For those who haven’t heard of Charity Children, who are you and what is your music about?
We are a band who started out playing music as a couple on the streets of Berlin on a drunken whim 10 years ago, in a city we had just moved to where we knew no one and no one knew us. People started to stop and listen and ask us what our band name was, we didn’t have one- we didn’t think we were a band or we were worthy of a name as we’d both never played music for people before then. We were filmmakers and actors back home in New Zealand who moved to Berlin pretty impulsively.Over the following five years, we collected bandmates and collaborators, played street music on many Berlin corners and parks and toured around Europe playing festivals and shows. We directed, produced and acted in all our music videos, as we still do. We made two previous albums and then dramatically, on the release of our second album ‘Fabel’, we broke up, and so did the band. We took a year to find peace with ourselves and each other again and then started to slowly write what would become this album, ‘Almost Young’. We would call our music ‘eclectic-pop’ – it’s colourful and represents a wide range of different moods and pop-styles. It’s unashamedly exaggerated on one track, then delicate and precise the next. Often flamboyant, sometimes shy. Ironic, then mindless, then despairingly earnest. We like to make albums that reflect the spectrum of our experiences and we’re certainly not people defined by one mood. No one is. Some may say it’s all over the place- but our music tries to embrace the bi-polarity of one’s existence.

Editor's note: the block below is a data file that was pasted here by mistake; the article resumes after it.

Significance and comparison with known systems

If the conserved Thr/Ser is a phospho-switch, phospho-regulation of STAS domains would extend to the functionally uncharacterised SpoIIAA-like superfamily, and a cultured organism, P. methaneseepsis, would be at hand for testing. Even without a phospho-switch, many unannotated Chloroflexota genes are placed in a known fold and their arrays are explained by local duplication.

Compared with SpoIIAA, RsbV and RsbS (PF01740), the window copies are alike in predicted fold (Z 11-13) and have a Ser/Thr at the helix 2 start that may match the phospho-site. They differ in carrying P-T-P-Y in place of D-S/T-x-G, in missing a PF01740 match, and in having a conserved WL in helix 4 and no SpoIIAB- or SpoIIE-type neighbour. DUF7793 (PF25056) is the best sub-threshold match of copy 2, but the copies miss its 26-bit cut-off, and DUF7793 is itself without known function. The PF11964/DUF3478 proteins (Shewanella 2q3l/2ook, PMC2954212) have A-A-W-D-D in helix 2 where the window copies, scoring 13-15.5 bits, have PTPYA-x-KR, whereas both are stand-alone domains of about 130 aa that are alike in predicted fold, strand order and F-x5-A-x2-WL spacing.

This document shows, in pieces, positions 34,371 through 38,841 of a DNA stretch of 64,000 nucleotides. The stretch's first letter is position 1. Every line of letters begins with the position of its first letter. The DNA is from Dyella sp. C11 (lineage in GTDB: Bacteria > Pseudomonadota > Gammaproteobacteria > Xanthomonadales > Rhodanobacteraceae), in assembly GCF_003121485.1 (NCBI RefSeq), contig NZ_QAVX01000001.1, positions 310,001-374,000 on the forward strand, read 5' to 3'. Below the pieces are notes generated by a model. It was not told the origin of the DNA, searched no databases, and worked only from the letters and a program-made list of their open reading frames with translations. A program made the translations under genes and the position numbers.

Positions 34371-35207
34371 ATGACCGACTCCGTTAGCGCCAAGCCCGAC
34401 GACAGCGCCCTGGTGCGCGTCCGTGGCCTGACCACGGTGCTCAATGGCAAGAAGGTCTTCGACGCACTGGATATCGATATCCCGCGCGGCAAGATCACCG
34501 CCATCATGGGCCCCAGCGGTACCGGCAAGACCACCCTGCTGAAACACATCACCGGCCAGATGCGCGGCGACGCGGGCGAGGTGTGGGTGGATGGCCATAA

The name ‘Charity Children’ comes from an Oscar Wilde children’s story called ‘The Happy Prince’. It comes right at the beginning of the story when the ‘Charity Children’ are looking at the beautiful gilded statue of the happy prince-“He looks just like an angel,” said the Charity Children as they came out of the cathedral in their bright scarlet cloaks and their clean white pinafores.”How do you know?” said the Mathematical Master, “you have never seen one.””Ah! but we have, in our dreams,” answered the children; and the Mathematical Master frowned and looked very severe, for he did not approve of children dreaming.